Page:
Associate Editors Drs. Anna Csiszar and Farzaneh Sorond along with the Editor-in-Chief Dr. Zoltan Ungvari, and the editorial team of GeroScience (Journal of the American Aging Association) in collaboration with the newly established “Albert Research Institute for White Matter and Cognition” (https://albertwhitemattterresearchinstitute.org) invite submission of original research articles, opinion papers and review articles related to research focused on understanding the role of white matter disease in age-related cognitive decline. White matter hyperintensities (WMH) on brain MRI are perpetual findings in an aging brain, and strongly associated with cardiovascular risk factors, cognitive decline and dementia. Yet, our mechanistic understanding of the white matter lesion etiology in dementia is entirely unexploited and poorly understood.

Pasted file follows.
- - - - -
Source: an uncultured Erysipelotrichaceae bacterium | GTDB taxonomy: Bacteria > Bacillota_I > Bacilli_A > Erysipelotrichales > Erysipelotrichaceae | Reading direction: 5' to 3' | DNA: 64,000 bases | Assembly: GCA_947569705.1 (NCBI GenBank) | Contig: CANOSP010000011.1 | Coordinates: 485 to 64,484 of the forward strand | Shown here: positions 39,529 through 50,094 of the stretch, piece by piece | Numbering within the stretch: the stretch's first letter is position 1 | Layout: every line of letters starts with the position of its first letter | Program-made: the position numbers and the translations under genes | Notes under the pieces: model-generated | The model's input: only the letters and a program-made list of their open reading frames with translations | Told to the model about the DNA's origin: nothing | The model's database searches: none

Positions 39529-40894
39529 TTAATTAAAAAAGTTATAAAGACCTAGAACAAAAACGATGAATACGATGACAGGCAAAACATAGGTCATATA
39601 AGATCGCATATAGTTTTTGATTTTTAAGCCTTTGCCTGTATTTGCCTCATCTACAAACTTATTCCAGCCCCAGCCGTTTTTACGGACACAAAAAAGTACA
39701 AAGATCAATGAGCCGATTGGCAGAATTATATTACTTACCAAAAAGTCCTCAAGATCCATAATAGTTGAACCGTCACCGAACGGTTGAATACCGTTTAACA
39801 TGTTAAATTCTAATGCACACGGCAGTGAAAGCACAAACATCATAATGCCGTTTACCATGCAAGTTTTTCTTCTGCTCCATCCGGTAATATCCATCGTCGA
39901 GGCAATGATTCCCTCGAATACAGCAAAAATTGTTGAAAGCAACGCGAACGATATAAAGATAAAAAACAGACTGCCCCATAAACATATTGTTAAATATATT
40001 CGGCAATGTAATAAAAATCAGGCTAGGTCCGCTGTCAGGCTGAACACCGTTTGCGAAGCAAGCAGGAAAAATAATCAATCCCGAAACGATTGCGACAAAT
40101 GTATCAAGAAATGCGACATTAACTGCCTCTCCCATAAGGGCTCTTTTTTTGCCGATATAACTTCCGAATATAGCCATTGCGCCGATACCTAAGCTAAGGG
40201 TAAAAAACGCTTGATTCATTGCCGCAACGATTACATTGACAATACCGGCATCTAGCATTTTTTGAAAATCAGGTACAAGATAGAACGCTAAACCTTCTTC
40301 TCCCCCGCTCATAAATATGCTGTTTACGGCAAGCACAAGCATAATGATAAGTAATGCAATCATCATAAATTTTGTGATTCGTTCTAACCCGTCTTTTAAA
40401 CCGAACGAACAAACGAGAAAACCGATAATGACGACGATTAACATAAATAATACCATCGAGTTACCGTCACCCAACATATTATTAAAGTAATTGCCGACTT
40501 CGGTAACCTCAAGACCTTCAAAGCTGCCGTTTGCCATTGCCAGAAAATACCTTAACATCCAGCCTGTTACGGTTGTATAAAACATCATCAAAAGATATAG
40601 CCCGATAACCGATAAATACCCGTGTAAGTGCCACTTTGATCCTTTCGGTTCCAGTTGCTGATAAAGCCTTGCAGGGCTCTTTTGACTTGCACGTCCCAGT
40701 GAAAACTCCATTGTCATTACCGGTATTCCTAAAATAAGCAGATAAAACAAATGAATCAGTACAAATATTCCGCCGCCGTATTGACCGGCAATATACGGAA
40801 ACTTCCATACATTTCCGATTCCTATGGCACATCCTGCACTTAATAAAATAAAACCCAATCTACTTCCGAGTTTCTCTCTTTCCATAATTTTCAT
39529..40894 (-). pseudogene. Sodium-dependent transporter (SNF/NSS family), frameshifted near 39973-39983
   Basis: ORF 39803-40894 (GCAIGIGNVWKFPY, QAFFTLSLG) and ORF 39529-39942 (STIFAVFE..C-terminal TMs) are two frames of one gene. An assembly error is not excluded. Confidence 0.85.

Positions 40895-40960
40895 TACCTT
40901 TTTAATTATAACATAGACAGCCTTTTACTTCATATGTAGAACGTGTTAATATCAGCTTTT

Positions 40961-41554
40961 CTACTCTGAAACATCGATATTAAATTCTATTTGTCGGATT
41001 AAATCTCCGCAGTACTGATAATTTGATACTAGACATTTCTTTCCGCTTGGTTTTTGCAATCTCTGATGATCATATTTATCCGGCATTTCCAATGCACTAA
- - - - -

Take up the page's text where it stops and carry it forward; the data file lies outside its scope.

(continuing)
This call-for-papers is aimed at providing a platform for the dissemination of critical novel ideas related to brain white matter injury and repair mechanisms, which are critical to the functional interplay between neurons, vessels, and glial cells (neurovascular unit) and the plasticity of the myelinated axons, and ultimately brain health across life span. We welcome manuscripts focusing on preclinical models of adaptive myelination, neurodegeneration, neurovascular inflammation and cerebrovascular regulation, targeting the role of endothelium, pericytes, microglia, oligodendrocytes, the neurovascular unit and the oligovascular niche.  Similarly, human clinical, biomarker and imaging studies exploring these mechanisms in age-related cognitive declines are also invited. Manuscripts exploring the causal role of molecular mechanisms of white matter plasticity and repair as they are related to lifestyle (e.g., diet, exercise, smoking), medical (e.g. blood pressure, cancer treatments), or environmental exposures are of particular interest. Authors are also encouraged to submit manuscripts focusing on translational aspects of brain white matter and cognition research.